EDMOND — The OKC Knights playing Edmond on Thursday night at Cheyenne Middle School was historic. It was the first ever game between two Oklahoma City-area high school lacrosse programs.
“It’s a proud moment to finally get to a point everyone has been working towards,” said defenseman Nathan Foreman, one of three Knights players who will play lacrosse in college. “It’s great to see it grow similar to cities like Dallas.”
The two OKC-area teams are members of the 10-team Heartland Conference, which features five teams from the Tulsa area, plus teams from Little Rock, southwest Missouri and northwest Arkansas.
Lacrosse advocates are hopeful Oklahoma is on the verge of featuring 10 to 12 high school community-club teams that play for a non-OSSAA sanctioned state title.
Casady, Holland Hall and another Tulsa area team have played for years. Jenks and Tulsa Kelley are in their inaugural seasons.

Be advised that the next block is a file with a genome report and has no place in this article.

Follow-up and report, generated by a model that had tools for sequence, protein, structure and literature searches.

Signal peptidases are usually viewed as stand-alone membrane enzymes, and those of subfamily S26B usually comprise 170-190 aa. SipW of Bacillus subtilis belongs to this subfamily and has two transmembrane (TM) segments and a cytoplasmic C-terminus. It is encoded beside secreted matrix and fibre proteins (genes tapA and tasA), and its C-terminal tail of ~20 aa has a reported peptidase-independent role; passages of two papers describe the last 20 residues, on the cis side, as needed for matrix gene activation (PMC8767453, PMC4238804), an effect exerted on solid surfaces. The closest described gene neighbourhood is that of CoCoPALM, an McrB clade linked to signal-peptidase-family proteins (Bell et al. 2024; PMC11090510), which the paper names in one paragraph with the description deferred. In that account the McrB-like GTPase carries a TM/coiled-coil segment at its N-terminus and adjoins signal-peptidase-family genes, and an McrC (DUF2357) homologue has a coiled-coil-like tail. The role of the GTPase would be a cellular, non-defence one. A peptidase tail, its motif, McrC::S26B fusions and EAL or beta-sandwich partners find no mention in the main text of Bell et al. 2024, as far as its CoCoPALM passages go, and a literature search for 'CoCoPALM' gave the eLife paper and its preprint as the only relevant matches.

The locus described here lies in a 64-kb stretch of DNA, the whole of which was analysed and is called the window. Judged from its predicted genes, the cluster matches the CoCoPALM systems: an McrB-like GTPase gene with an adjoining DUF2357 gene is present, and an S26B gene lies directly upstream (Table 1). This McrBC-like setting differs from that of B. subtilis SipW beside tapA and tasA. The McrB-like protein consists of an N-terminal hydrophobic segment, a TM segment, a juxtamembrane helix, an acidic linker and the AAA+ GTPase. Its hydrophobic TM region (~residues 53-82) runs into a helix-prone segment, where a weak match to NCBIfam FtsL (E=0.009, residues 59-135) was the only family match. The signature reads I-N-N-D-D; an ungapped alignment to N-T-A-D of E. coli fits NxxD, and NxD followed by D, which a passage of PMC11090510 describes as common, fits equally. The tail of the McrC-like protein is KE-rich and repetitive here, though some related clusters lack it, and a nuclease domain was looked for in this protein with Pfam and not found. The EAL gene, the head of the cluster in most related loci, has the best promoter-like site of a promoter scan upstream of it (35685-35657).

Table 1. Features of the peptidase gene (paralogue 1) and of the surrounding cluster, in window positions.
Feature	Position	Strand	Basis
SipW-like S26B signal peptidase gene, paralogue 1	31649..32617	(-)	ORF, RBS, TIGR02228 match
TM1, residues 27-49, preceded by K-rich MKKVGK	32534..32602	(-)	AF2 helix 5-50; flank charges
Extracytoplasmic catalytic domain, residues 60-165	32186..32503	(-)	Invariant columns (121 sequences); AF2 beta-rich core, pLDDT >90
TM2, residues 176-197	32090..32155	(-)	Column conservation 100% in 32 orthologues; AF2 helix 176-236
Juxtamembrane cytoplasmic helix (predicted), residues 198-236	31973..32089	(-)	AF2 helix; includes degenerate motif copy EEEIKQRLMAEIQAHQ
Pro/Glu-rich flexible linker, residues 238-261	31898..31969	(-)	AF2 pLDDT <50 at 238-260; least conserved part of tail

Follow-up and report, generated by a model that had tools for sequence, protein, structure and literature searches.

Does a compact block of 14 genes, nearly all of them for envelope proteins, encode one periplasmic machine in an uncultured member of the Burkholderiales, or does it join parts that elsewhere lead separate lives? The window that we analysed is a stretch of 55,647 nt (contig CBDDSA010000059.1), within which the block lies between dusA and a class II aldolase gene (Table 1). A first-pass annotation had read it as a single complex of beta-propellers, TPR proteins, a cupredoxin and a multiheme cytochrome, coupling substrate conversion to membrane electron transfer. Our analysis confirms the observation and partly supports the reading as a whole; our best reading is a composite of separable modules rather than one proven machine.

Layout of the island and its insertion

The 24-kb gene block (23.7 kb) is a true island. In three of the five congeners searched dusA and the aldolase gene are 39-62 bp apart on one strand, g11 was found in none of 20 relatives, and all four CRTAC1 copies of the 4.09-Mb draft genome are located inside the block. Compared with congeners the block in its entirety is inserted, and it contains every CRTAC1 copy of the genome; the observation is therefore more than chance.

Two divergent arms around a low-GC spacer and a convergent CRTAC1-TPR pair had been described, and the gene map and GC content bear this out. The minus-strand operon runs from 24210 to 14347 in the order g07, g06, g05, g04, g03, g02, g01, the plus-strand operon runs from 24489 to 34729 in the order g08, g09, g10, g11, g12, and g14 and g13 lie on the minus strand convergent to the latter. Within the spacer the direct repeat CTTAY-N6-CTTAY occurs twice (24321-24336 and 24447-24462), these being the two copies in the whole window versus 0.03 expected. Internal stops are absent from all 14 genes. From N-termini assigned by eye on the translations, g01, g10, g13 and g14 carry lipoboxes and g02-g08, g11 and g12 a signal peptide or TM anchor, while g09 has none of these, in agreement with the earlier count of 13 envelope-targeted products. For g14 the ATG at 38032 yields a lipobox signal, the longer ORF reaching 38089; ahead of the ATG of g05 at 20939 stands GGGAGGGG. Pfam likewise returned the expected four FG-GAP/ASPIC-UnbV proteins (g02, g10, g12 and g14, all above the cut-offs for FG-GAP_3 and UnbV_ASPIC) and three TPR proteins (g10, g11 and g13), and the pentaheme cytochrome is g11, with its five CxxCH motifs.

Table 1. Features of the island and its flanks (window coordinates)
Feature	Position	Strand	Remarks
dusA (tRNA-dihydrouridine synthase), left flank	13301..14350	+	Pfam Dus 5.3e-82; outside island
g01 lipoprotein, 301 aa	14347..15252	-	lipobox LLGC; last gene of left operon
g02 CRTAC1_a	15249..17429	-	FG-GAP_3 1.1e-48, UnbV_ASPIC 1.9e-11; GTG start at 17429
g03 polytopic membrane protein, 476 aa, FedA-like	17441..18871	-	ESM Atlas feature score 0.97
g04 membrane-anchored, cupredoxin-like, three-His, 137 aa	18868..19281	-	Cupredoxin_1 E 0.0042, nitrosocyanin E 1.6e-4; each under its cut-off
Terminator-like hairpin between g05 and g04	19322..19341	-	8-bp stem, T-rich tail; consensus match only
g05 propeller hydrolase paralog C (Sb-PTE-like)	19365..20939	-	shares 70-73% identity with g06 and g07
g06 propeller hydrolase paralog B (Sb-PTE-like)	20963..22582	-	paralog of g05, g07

Knights coach Dave Heaton has been instrumental in lacrosse’s growth locally. He coached Edmond before he branched off to form his own team two years ago.
“The biggest advantage would be you wouldn’t have to play in a regional conference and drive five to six hours on weekends to Little Rock,” Heaton said. “The lacrosse landscape definitely is changing.”
Approximately 600 kids in the Oklahoma City area participate in lacrosse, leagues starting as young as third grade.
First-year volunteer Edmond coach Jordan Beech, an accounting supervisor for Frontier City, played in the Edmond program and also played one year for OU’s club team.
“It’s a great alternative to spring football,” Beech said. “You actually get to lay a body on someone in lacrosse. Linebackers can work on their eyes, read defenses. Basketball players can work on motion offensive sets. If you like those sports, it translates directly into success in lacrosse.”
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